How to Dry Emboss by Hand

embossed paper

The Spruce / Rita Shehan

Project Overview
  • Total Time: 1 hr
  • Skill Level: Beginner

If you want to incorporate embossing into your designs but don't want to purchase an embossing machine, hand embossing is a helpful skill to have. The results you can get by hand often rival the look of embossing from a pricey craft machine. Dry embossing, also called relief embossing, is done by tracing a stencil with a special tool called a stylus. The result is a raised pattern on the object you are embossing.

This project is easy, even if you're new to embossing. And it's fairly quick, as long as you select a relatively simple stencil. Hand embossing is ideal only for small projects, such as a greeting card or place cards for a single table setting. If you plan to emboss on a larger scale, such as invitations for dozens of people, then you might want to consider purchasing an embossing machine to get the project done much faster. Either way, embossing is excellent for adding custom touches to cards, scrapbook pages, and more.

tools needed for dry embossing
The Spruce / Rita Shehan

What You'll Need

Equipment / Tools

  • Cardboard, plastic, or brass stencil
  • Masking tape or painter's tape
  • Window or lightbox
  • Wax paper (optional)
  • Embossing stylus


  • 1 sheet Cardstock or another type of heavy paper


  1. Secure Your Stencil to a Window or Lightbox

    Using masking tape or painter's tape, secure your stencil to the center of a window or lightbox. The side of the stencil that's facing up should be the reverse of what you want to emboss. (This is especially important when embossing lettering.) If your embossing project involves using two or more stencils, only tape up one stencil at a time. Fully emboss that stencil before repeating the process for the next one.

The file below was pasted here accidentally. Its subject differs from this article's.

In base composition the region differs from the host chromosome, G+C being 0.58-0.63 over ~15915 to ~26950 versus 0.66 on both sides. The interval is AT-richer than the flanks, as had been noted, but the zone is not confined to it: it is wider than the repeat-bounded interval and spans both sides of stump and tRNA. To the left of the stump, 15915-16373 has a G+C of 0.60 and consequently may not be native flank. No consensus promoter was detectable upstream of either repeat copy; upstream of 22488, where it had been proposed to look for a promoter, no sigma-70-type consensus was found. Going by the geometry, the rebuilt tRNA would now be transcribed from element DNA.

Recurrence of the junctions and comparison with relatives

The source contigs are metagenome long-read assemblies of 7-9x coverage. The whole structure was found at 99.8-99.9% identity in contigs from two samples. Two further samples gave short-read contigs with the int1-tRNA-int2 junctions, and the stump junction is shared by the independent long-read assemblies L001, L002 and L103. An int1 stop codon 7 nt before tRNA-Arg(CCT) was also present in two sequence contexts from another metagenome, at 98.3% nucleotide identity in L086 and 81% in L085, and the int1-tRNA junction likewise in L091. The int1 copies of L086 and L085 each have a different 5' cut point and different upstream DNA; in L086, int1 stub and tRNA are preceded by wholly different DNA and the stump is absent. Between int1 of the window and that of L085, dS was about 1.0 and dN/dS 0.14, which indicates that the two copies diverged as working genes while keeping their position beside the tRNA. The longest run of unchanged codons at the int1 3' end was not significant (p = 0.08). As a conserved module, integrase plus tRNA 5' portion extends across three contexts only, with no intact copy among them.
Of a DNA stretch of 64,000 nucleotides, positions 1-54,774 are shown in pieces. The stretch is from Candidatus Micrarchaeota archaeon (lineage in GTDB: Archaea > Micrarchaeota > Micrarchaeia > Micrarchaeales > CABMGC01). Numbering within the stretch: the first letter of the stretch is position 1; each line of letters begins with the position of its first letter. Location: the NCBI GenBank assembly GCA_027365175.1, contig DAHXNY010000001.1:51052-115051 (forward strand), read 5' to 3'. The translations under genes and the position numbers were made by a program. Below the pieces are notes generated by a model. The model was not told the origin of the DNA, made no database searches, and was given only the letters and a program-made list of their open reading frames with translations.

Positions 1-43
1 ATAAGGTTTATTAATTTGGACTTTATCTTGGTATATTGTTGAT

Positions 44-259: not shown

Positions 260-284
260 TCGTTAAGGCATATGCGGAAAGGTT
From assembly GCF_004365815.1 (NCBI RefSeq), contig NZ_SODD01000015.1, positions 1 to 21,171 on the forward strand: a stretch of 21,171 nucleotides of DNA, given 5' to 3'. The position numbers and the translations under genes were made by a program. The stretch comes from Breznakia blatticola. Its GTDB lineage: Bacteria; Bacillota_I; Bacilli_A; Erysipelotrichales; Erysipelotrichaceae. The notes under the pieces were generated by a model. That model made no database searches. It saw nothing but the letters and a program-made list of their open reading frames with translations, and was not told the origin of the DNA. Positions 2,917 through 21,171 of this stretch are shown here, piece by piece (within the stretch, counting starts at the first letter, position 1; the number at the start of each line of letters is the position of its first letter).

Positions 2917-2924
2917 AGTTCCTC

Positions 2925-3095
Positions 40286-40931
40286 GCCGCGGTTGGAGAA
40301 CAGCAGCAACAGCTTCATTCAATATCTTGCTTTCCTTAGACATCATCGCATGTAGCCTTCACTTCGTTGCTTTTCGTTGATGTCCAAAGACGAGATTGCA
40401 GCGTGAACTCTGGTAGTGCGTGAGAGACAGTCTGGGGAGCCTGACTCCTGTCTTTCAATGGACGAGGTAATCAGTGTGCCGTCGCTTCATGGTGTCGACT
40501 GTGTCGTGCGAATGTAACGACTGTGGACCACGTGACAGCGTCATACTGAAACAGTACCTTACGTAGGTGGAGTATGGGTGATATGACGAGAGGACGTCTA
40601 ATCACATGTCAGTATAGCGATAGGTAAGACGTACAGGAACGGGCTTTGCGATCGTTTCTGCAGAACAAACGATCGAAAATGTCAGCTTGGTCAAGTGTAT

If you want to create a makeshift lightbox, place a light under a glass-top table. Then, tape your stencil onto the glass surface. This faux lightbox should work just as well as the real versions you can find at craft stores.

    brass stencil on window
    The Spruce / Rita Shehan
  2. Secure Your Paper

    Place your cardstock or other paper over the stencil, and position it as desired. Carefully tape the edges of the paper, so it lies flat over the stencil and won't move once you begin embossing. You might want to test your tape first on the paper to make sure it will remove cleanly and without tears.

    To help your stylus glide smoothly and to reduce the risk of tears, you can gently rub wax paper over the paper before you begin embossing, though this is not absolutely essential.

    paper over stencil on window
    The Spruce / Rita Shehan
  3. Trace Your Design With the Stylus

    Turn on your lightbox or stand in front of the window, and carefully trace around the edges of the stencil design with your stylus. Press firmly, but be careful not to rip the paper. You can shade in solid parts of the design if you wish or just leave them outlined.

    A stylus has two ends, each a different size. Use the size that best fits the scale of the design—i.e., the larger stylus side for thicker lines and the smaller side for detailed parts of the stencil.

    hand holding embossing stylus
    The Spruce / Rita Shehan
  4. Admire Your Finished Design

    When you have traced the entire design, carefully lift the paper off the light source. Remove the tape, turn the paper over, and admire the raised design.

    You can leave your embossed design as is or embellish it. It can be painted with acrylics, dusted with chalk, highlighted with glitter, and more. Let your imagination and creativity run wild with this project.

    embossed paper
    The Spruce / Rita Shehan